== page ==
The June 30th deadline to file your Report of Foreign Bank and Financial Accounts, also know as FBAR’s with the IRS is rapidly approaching. If you are a US person and have more than $10,000 in any foreign financial account (or are a signatory authority) then you need to file these by the deadline. These accounts include; bank account, brokerage account, mutual fund, trust, or other type of foreign financial account.
The Bank Secrecy Act requires US persons to report annually to the IRS any foreign financial accounts and their dollar amounts, however, under FATCA, those US persons who have not been doing so, will have their information reported for them by Foreign Financial Institutions (FFI’s) to the IRS and the penalties can be quite large.
FBAR’s can be reported to the IRS through Form TD F 90-22.1, Report of Foreign Bank and Financial Accounts (FBAR).
Unsure if you need to file FBAR’s to the IRS?
If you are an US person, then you are required to submit this filing if;
• US citizen;
• US resident based on the number of days spent in the US during the year;
• US green card holder (even if the green card has expired);
• US created corporations, partnerships, limited liability companies which were created or organized in the US or are owned by US persons;
• US created partnership;
• US estates and trusts – formed under the laws of the US or created by US persons;
• Virtually everyone born in the US;
These rules also catch those with dual nationality, even if such persons are registered taxpayers in a non-US country (the US considers you “foreign” and asks you to complete a Form W8-BEN) These regulations also can include individuals who were born outside the US but who have at least one US parent.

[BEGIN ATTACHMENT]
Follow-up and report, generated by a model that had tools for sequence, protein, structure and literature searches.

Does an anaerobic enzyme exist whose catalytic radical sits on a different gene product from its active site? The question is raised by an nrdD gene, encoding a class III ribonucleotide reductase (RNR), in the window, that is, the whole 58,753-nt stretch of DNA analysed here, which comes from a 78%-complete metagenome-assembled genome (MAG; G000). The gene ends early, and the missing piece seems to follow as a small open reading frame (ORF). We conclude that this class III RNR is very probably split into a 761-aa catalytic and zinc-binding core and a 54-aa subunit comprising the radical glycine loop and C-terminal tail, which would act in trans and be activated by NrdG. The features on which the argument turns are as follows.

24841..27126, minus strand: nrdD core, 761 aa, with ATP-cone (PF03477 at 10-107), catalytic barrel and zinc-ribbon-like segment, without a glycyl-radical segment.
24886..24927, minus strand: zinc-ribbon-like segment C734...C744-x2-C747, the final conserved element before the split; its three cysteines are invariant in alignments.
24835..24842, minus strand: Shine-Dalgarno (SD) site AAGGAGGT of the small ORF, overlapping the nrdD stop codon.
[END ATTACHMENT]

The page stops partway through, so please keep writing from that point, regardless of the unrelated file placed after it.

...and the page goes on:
Worried yet? So now you probably want to know more about when the FBAR’s are due.
The FBAR is due by June 30th of the year following the year that the account holder meets the $10,000 threshold. There are no extensions as there are for US personal tax returns. Filers cannot request an extension of the FBAR due date.
If a filer does not have all the available information to file the return by June 30, they should file as complete a return as they can and amend the document when the additional or new information becomes available.
If you need help filing the FBAR’s you can reach the IRS Monday – Friday, 8 a.m. to 4:30 p.m. Eastern time, at 313-234-6146 for callers outside the US, or send an email to the IRS at FBARquestions@irs.gov. The email system does not accept actual FBAR reports.
Once completed, the FBAR’s are sent to;
U.S. Department of the Treasury
P.O. Box 32621
Detroit, MI 48232-0621
If an express delivery service is used, send completed forms to:
IRS Enterprise Computing Center
ATTN: CTR Operations Mailroom, 4th Floor
985 Michigan Avenue
Detroit, MI 48226
The contact phone number for the delivery messenger service is 313-234-1062. The number cannot be used to confirm that your FBAR was received.
The FBAR is not to be filed with the filer’s Federal tax return.
Alternatively, a FBAR filing verification request may be made in writing and must include the filer’s name, taxpayer identification number (TIN) and the filing period. There is a $5 fee for verifying five or fewer FBARs and a $1 fee for each additional FBAR. A copy of the filed FBAR can be obtained at a cost of $0.15 per page. Check or money order should be made payable to the United States Treasury.
The request and payment should be mailed to:
IRS Enterprise Computing Center/Detroit
P.O. Box 32063
Detroit, MI 48232
It is also possible to amend previously filed FBAR’s. It can be done by;